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The Seagull

By: Anton Chekhov

The Seagull is a play by Russian dramatist Anton Chekhov, written in 1895 and first produced in 1896. The Seagull is generally considered to be the first of his four major plays. It dramatises the romantic and artistic conflicts between four characters: the famous middlebrow story writer Boris Trigorin, the ingenue Nina, the fading actress Irina Arkadina, and her son the symbolist playwright Konstantin Treplev.

Act I

Pyotr Sorin is a retired senior civil servant in failing health at his country estate. His sister, actress Irina Arkadina, arrives at the estate for a brief vacation with her lover, the writer Boris Trigorin. Pyotr and his guests gather at an outdoor stage to see an unconventional play that Irina's son, Konstantin Treplev, has written and directed. The play-within-a-play features Nina Zarechnaya, a young woman who lives on a neighboring estate, as the "soul of the world" in a time far in the future. The play is Konstantin's latest attempt at creating a new theatrical form. It is a dense symbolist work. Irina laughs at the play, finding it ridiculous and incomprehensible; the performance ends prematurely after audience interruption and Konstantin storms off in humiliation. Irina does not seem concerned about her son, who has not found his way in the world. Although others ridicule Konstantin's drama, the physician Yevgeny Dorn praises him.

 

Act I also sets up the play's various romantic triangles. The schoolteacher Semyon Medvedenko loves Masha, the daughter of the estate's steward Ilya Shamrayev and his wife Polina Andryevna. However, Masha is in love with Konstantin, who is in love with Nina, but Nina falls for Trigorin. Polina is in an affair with Yevgeny. When Masha tells Yevgeny about her longing for Konstantin, Yevgeny helplessly blames the lake for making everybody feel romantic.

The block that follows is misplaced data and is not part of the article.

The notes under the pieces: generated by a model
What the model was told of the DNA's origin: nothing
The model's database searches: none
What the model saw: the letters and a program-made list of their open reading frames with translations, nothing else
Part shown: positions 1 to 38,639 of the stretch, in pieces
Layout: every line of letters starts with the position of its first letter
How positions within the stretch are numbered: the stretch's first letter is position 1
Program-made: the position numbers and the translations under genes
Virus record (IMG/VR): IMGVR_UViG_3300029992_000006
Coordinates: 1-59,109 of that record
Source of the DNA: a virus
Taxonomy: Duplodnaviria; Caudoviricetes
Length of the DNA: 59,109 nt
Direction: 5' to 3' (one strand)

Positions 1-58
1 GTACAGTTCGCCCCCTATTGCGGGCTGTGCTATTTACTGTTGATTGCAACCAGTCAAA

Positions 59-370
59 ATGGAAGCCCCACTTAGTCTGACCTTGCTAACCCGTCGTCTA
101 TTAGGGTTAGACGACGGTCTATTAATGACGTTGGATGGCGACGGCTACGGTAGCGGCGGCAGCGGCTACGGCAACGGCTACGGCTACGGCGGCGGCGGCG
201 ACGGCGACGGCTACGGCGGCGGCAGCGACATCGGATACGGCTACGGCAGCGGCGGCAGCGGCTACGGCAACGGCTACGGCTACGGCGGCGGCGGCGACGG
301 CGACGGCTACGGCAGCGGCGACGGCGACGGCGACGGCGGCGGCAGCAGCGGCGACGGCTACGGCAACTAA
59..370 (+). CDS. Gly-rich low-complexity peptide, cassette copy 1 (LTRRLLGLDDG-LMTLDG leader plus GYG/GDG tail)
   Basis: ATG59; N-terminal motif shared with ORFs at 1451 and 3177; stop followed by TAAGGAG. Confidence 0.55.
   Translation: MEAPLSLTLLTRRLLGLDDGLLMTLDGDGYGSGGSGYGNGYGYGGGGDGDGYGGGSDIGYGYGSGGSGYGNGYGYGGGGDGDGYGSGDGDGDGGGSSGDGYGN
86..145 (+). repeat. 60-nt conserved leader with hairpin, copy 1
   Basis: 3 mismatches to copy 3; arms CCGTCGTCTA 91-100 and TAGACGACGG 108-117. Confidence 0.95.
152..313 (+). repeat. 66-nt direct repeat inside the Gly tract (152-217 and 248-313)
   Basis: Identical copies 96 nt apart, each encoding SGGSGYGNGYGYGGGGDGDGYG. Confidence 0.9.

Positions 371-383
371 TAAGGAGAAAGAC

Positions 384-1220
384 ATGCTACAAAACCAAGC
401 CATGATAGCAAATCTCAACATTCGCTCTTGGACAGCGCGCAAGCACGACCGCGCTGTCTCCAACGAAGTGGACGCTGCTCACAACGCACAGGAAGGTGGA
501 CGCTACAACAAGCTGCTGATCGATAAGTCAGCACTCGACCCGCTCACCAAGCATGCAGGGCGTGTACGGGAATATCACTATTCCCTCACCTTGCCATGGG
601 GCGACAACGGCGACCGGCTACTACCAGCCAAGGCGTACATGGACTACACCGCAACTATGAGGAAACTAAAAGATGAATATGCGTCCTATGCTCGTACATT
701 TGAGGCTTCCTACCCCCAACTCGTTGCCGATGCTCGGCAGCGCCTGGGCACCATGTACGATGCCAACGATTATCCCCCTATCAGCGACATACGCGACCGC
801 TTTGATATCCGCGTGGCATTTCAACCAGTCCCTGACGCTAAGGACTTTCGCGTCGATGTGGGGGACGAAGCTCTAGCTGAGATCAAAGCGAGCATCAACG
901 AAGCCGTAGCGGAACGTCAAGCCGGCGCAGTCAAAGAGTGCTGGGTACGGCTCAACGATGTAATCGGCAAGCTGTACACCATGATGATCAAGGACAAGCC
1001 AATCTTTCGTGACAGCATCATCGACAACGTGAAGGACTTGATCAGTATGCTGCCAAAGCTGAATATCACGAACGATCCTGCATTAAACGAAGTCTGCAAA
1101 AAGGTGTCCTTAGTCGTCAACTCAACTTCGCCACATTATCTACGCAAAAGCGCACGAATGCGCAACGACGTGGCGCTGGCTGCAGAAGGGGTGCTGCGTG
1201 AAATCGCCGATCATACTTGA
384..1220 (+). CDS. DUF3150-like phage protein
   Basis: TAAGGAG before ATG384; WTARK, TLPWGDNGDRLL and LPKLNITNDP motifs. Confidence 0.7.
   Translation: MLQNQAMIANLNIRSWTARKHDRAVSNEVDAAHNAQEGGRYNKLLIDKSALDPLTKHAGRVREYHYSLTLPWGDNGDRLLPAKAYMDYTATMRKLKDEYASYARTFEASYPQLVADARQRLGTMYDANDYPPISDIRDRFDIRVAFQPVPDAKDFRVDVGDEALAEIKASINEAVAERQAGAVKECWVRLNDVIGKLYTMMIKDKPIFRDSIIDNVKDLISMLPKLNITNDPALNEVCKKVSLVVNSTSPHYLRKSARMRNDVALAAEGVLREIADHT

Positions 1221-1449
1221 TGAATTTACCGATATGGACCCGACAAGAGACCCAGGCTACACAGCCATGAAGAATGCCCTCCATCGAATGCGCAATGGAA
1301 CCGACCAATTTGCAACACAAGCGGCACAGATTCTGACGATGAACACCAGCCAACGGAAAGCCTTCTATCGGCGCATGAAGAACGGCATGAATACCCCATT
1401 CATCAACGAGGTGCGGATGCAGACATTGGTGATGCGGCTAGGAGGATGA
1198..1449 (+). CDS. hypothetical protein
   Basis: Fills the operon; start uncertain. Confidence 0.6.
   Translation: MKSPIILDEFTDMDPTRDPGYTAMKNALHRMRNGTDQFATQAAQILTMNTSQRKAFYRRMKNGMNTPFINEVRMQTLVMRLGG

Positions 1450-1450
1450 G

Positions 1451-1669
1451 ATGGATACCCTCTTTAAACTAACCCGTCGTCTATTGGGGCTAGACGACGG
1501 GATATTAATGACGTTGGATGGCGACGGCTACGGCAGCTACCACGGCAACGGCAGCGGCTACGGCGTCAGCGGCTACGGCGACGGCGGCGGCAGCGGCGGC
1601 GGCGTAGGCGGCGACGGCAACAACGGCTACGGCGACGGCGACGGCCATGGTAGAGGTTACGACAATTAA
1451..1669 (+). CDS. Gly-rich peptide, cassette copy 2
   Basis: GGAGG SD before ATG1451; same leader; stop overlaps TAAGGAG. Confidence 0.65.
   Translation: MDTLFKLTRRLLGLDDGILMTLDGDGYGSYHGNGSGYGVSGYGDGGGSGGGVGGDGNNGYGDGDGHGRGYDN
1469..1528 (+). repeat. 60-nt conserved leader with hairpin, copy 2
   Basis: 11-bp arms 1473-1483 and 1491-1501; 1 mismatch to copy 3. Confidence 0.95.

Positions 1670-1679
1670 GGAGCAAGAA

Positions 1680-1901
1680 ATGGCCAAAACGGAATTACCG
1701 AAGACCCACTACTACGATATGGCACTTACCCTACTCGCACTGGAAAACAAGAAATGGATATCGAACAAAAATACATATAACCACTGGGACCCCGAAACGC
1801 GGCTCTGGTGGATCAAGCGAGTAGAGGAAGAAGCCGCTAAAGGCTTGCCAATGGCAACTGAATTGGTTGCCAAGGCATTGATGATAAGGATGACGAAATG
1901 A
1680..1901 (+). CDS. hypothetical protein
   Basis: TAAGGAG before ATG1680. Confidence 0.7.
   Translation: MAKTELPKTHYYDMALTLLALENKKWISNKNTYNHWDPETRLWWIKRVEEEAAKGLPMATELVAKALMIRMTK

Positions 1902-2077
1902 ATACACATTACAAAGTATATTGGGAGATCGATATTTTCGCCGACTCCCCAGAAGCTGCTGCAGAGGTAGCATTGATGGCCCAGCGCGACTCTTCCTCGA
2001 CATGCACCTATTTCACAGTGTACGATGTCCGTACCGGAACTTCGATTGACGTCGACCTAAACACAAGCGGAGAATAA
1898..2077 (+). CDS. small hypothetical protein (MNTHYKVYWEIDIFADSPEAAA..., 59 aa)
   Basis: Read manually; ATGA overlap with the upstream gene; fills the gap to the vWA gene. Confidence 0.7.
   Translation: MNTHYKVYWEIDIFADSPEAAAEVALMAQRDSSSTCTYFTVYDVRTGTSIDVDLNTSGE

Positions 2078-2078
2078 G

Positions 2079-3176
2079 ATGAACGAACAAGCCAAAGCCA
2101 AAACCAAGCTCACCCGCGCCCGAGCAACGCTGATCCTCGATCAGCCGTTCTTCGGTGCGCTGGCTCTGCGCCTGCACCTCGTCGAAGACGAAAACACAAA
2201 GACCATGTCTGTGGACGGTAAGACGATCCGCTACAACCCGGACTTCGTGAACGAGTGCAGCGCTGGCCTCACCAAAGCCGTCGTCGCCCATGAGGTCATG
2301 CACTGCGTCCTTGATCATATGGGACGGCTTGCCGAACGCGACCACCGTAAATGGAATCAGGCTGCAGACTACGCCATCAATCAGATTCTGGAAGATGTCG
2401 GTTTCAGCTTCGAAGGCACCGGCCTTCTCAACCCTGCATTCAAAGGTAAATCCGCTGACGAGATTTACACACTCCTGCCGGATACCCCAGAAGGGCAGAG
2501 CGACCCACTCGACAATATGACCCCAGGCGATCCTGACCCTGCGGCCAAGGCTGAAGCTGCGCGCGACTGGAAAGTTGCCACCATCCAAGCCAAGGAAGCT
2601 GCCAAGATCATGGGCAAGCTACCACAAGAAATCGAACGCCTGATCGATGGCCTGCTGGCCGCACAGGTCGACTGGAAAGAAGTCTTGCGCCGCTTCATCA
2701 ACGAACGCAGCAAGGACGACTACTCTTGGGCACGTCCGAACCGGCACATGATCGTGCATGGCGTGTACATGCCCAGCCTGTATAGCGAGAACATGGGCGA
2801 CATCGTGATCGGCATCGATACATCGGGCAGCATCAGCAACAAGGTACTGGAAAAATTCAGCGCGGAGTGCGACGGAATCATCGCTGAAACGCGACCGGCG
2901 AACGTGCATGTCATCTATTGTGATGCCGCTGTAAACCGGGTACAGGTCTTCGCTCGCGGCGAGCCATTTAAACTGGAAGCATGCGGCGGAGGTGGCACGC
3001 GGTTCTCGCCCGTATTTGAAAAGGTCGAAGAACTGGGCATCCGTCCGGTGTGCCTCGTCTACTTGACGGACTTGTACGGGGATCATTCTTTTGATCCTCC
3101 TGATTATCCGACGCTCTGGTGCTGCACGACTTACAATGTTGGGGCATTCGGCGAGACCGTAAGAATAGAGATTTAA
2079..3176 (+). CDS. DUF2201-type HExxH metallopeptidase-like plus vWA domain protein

Act II

A few days later, in the afternoon, characters are outside the estate. Arkadina, after reminiscing about happier times, engages in a heated argument with the house steward Shamrayev and decides to leave. Nina lingers behind after the group leaves, and Konstantin arrives to give her a gull that he has shot. Nina is confused and horrified at the gift. Konstantin sees Trigorin approaching and leaves in a jealous fit.

 

Nina asks Trigorin to tell her about the writer's life; he replies that it is not an easy one. Nina says that she knows the life of an actress is not easy either, but she wants more than anything to be one. Trigorin sees the gull that Konstantin has shot and muses on how he could use it as a subject for a short story: "The plot for the short story: a young girl lives all her life on the shore of a lake. She loves the lake, like a gull, and she's happy and free, like a gull. But a man arrives by chance, and when he sees her, he destroys her, out of sheer boredom. Like this gull." Arkadina calls for Trigorin, and he leaves as she tells him that she has changed her mind – they will not be leaving immediately. Nina lingers behind, enthralled with Trigorin's celebrity and modesty, and gushes, "My dream!"

 

Act III

Inside the estate, Arkadina and Trigorin have decided to depart. Between acts Konstantin attempted suicide by shooting himself in the head, but the bullet only grazed his skull. He spends the majority of Act III with his scalp heavily bandaged.